Hall of Fame back Emmitt Smith said the team must act quickly.
The Vikings' offseason "To-Do" list never seemed longer than this past weekend, when both of the team's division rivals made the NFC Championship Game.
But just in case the list isn't daunting enough, Emmitt Smith, the NFL's career rushing leader, said giving Adrian Peterson a long-term contract should rank at or near the top. Smith went so far as to say he would hold out if he were Peterson and the Vikings didn't come up with a suitable long-term deal. Peterson's current contract, which pays him a base salary of $10.7 million in 2011, expires after next season.
"I believe the Minnesota Vikings shouldn't force Adrian to [hold out]," Smith, a Pro Football Hall of Famer, said in a phone interview on Friday. "It's amazing how teams want players to be committed to them, but they aren't committed to players. In Adrian Peterson's case, he is a special kind of guy. And if the Minnesota Vikings believe in Adrian Peterson the way I think they do, then they will do something so that he doesn't have to make that decision to hold out."
It's obvious from watching the divisional playoff games over the weekend that the Vikings need a young, franchise quarterback and multiple defensive backs to help them deal with Green Bay's Aaron Rodgers and Chicago's Jay Cutler for years and years to come. They also need, among other things, to try to re-sign key potential free agents such as Sidney Rice, Chad Greenway and Ryan Longwell.
But Smith has a point. Peterson is, after all, the face of the franchise. He's a perennial All-Pro selection with an NFL-high 5,782 yards rushing since he joined the league in 2007. And he's only 25, which means he's young enough to grow with and help a young quarterback develop that key balance offensively.
"I love watching Adrian run," Smith said. "I think he's a hard-nosed running back. But I also think that he's going to miss a guy like Brett Favre, which is going to hurt his chances for racking up big yardage. So until the Vikings get a quarterback in there to alleviate some of the pressure on Adrian, I think he's going to struggle a little bit."
Peterson and his agent, Ben Dogra, no doubt will be looking for something long-term in the neighborhood of about $25 million guaranteed. That's a lot of money for a running back, but Peterson has earned it and is a lower risk because of his youth and unquestionable passion for the game.
Smith knows about passion for the game, having played it for 15 seasons before retiring at age 35 with 18,355 yards. He also knows a thing or two about holdouts.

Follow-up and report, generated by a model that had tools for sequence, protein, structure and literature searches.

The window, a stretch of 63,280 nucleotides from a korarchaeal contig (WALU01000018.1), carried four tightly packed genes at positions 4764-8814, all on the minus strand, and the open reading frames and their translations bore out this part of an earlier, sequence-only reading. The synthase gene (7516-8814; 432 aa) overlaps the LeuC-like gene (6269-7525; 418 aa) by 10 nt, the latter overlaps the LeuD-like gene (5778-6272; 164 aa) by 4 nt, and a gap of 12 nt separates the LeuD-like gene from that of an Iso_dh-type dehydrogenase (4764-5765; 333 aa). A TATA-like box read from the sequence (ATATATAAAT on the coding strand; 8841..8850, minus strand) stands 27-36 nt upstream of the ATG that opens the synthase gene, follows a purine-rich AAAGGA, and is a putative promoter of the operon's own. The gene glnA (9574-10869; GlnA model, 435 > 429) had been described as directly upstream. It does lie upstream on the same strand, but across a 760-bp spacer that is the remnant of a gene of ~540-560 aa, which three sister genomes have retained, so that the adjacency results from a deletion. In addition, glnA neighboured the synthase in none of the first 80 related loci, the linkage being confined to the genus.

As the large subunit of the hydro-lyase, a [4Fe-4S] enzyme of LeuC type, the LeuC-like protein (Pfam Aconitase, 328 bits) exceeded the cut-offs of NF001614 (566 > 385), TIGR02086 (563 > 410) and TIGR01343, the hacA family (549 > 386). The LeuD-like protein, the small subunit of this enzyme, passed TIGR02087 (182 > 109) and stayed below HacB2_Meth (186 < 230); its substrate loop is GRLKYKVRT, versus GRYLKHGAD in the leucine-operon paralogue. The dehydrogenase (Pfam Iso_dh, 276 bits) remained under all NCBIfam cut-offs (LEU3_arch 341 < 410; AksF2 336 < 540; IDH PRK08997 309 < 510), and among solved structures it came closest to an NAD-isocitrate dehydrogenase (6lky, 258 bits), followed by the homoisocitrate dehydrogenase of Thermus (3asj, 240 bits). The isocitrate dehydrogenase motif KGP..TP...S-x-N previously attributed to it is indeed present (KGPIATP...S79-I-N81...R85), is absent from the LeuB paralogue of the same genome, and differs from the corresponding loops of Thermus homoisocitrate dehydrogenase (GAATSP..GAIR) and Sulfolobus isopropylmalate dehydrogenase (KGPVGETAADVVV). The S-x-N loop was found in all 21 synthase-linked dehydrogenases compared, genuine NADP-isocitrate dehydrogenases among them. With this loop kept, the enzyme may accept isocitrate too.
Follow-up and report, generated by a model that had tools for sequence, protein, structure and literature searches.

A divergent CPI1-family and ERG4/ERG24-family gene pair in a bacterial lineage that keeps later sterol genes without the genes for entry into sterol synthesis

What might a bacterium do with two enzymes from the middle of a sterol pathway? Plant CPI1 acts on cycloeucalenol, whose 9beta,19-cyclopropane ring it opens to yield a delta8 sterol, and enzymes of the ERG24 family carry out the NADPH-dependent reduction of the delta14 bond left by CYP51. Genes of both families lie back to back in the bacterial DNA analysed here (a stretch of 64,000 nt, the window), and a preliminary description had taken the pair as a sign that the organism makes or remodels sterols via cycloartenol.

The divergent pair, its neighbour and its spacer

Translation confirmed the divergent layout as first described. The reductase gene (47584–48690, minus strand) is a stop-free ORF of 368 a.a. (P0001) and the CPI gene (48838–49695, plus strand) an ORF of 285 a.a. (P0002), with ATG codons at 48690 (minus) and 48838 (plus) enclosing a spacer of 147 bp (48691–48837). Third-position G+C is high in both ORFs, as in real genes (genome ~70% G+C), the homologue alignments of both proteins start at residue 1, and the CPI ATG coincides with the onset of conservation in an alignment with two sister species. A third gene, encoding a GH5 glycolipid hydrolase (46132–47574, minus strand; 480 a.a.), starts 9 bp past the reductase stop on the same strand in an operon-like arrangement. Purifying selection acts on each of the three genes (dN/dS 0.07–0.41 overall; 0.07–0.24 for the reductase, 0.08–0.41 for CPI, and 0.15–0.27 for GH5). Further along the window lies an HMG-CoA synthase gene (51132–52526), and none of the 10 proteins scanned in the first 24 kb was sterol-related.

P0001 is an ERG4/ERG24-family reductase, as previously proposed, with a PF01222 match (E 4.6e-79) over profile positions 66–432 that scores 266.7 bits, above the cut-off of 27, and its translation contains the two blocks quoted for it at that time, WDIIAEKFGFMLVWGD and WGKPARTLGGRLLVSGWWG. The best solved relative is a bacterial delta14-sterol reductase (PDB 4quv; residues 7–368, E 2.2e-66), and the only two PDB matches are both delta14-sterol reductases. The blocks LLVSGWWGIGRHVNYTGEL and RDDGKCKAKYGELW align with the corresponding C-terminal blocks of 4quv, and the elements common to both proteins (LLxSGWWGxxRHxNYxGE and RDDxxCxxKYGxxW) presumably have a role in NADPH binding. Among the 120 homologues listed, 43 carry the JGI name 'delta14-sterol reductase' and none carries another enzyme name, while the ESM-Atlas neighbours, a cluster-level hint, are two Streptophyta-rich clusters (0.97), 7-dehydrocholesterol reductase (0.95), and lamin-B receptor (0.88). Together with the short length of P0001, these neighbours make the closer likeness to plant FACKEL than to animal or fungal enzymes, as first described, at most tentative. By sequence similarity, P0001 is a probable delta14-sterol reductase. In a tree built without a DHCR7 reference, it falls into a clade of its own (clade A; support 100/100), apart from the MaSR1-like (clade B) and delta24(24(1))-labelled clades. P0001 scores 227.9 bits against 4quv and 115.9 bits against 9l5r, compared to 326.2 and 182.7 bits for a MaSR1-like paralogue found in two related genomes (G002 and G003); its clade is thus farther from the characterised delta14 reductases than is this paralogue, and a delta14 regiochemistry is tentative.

In 1993, he held out and the Cowboys started 0-2. The Cowboys then signed Smith and weren't disappointed. They won the Super Bowl while Smith became the only player in NFL history to win the rushing title, league MVP and Super Bowl MVP in the same season.
"What happens is if a team puts a guy like Adrian in a position where he has no choice but to hold out, you're irritating a key guy in your franchise and forcing him to do something he does not want to do," Smith said. "You're alienating a player because your actions speak louder than your words. You're creating strife between the player and the organization, and also the community of Minnesota. It's early still, and the Vikings have a lot of things they have to take care of, but nobody should want to go down that road with Adrian Peterson."
Peterson already ranks 83rd on the NFL's career rushing list. Among active career rushing leaders, he's 11th and the youngest of those 11 by two years. The Jets' LaDainian Tomlinson is the active rushing leader and sixth overall. But he's 31 and still 4,951 yards behind Smith. The closest active player in his 20s is the Rams' Steven Jackson, who's 27 and still 10,407 yards behind Smith. Peterson is 12,573 yards shy of Smith.
"I really don't know if my record will stand forever, and I really don't care, to be honest with you," Smith said. "Records are made to be broken. But I will say once you get to 30, it becomes very difficult as a running back. Throughout your career, you need excellent health, great balance offensively and a great supporting cast. That's a lot. Any one of those things can either go your way or against you."
Mark Craig • firstname.lastname@example.org